Italy’s bond rally forces key measure of risk to lowest since 2018
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A rally in Italian debt has pushed the perceived risk of holding it to the lowest level in two-and-a-half years, as investors bet on further bond buying from the European Central Bank.
Investors see the gap between Italy’s borrowing costs and those on super-safe German debt as a barometer for political tensions both in Italy and the euro area as a whole.
Last week, the extra yield demanded by investors to hold 10-year Italian bonds rather than their German equivalents shrank to less than 1.2 percentage points — the tightest since April 2018.
The latest catalyst came from ECB chief Christine Lagarde, who dropped a strong hint in a speech on Wednesday that the ECB was preparing to scale up its bond purchases and cheap loans to banks next month, in an effort to keep a lid on borrowing costs. It was the job of monetary policy, she said, to ensure “favourable financing for the whole economy: private and public sectors alike”.
The spread ballooned after a March 2018 general election in Italy paved the way for a populist coalition that repeatedly clashed with Brussels over EU budget rules. That government collapsed the following year.
The risk measure spiked again in March this year as the economic impact of the Covid-19 pandemic hit Rome’s public finances, reawakening doubts over the sustainability of its vast public debt. Ms Lagarde added fuel to the sell-off when she said the ECB was not there “to close spreads”.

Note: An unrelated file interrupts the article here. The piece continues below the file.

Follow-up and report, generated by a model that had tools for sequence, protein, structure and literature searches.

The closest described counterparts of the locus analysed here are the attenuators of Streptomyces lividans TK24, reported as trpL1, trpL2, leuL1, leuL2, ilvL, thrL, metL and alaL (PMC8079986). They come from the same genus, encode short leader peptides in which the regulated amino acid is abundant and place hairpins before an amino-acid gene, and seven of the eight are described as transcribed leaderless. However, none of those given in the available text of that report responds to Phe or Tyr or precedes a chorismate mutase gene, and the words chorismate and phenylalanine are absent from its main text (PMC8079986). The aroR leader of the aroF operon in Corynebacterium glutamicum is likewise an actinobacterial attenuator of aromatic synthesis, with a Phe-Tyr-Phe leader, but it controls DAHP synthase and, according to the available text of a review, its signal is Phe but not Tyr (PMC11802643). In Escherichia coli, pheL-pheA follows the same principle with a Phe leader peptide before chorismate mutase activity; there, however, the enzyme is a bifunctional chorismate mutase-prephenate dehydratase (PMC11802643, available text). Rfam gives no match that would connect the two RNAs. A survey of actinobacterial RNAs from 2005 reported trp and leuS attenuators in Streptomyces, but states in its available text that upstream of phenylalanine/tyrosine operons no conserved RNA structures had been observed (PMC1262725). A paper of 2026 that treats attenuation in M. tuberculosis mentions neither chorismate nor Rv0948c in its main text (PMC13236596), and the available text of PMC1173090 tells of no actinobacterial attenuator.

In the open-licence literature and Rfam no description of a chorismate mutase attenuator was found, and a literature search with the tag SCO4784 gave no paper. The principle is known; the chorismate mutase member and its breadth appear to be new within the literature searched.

Later that month, the central bank repaired the damage by announcing a €750bn bond purchase programme, which was scaled up to €1.35tn in June. The ECB is widely expected to deliver a further expansion next month to bolster an economy struggling with a second wave of the Covid-19 pandemic.
Italian spreads have tightened further in recent weeks, and more so after last week’s apparent vaccine breakthrough dented demand for haven German Bunds.
“It’s ‘heads I win, tails you lose’ for peripheral bonds,” said Rabobank strategist Richard McGuire, referring to the euro area’s riskier borrowers. “A second wave of the virus has been supportive for the likes of Italy because it implies additional stimulus from the ECB, but a vaccine has helped too because it means less damage to the economy.”